Vanessa karaganica,

Jong, Rienk De, 2017, Fossil butterflies, calibration points and the molecular clock (Lepidoptera: Papilionoidea), Zootaxa 4270 (1), pp. 1-63: 30

publication ID

http://doi.org/ 10.5281/zenodo.583183

publication LSID

lsid:zoobank.org:pub:2D00AFF5-4FE2-4EC1-A328-C8670CFB8D6D

persistent identifier

http://treatment.plazi.org/id/03AA87D3-285D-FFCA-F7F0-FD09FC4CB548

treatment provided by

Plazi

scientific name

Vanessa karaganica
status

 

karaganica  . Vanessa karaganica Nekrutenko, 1965 

Nymphalidae  .

Russia, Kraj Stavropol, Stavropol, N. Caucasus; late Miocene. 

Depository: PIRAS (holotype, PIN 254/2936a).

Published figures: Nekrutenko (1965: Figs. 2View FIGURE 2, 3View FIGURES 3 – 4).

Hindwing only, of which tornal quarter and dorsal border are missing. Cell open, a nymphaline apomorphy found, for instance, in the recent genera Aglais  , Inachis  , Nymphalis  , but also in some members of other subfamilies, e.g. Apatura  ( Apaturinae  ), Neptis  ( Limenitidinae  ), etc. According to Nekrutenko, the venation is typical for Vanessa  , and he compares the fossil with “ V. urticae  L.” This species is now placed in Aglais  ; Vanessa  , as currently understood (type species Papilio atalanta Linnaeus  ), has the hindwing cell closed. It is not clear what is typical (i.e. apomorphic) about the venation of Vanessa sensu Nekrutenko  , and therefore I consider the assignment of the fossil to an extant genus unwarranted. Moreover, it lacks the apparently apomorphic character of a crenulate hindwing termen, commonly found in vanessoid genera.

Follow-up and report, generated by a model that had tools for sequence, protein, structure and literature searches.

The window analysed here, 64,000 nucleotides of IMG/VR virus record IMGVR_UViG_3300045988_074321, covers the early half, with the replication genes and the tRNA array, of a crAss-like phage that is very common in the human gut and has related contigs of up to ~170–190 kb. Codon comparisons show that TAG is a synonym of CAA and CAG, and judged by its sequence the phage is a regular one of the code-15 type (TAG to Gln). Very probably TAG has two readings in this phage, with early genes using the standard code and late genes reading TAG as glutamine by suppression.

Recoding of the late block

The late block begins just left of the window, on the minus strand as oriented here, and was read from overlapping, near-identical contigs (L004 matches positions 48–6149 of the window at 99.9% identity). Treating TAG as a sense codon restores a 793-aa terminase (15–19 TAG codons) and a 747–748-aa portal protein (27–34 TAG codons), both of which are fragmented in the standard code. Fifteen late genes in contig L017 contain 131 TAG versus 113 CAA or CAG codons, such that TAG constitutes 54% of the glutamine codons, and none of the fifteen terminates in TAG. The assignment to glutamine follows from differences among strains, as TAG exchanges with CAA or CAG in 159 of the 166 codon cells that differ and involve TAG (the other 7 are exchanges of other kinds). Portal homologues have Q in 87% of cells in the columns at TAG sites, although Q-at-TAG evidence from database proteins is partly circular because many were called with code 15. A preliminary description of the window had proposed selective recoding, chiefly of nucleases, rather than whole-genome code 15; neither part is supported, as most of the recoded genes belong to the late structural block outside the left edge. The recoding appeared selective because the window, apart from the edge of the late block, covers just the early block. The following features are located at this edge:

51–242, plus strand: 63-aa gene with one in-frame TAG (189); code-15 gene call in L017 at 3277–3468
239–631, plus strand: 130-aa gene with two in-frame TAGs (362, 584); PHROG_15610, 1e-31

The pattern of the wing (underside) is also visible in the fossil. It resembles that of A. urticae  , and it is reminescent of forms of A. urticae  bred at elevated temperatures. Nekrutenko (1965) concluded that this condition could be of paleogeographical importance. Similar patterns on the underside of the hindwing, however, are not only found in several nymphaline genera, but also in a number of satyrine genera. Since the pattern is clearly cryptic, parallel and convergent evolution may be expected. The little evidence taken together does not allow a further identification than Nymphalidae  . The assignment of this fragmentary fossil to the extant genus Aglais  by Kozlov (1988), already hinted at by Nekrutenko, lacks convincing evidence.

Kingdom

Animalia

Phylum

Arthropoda

Class

Insecta

Order

Lepidoptera

Family

Nymphalidae

Genus

Vanessa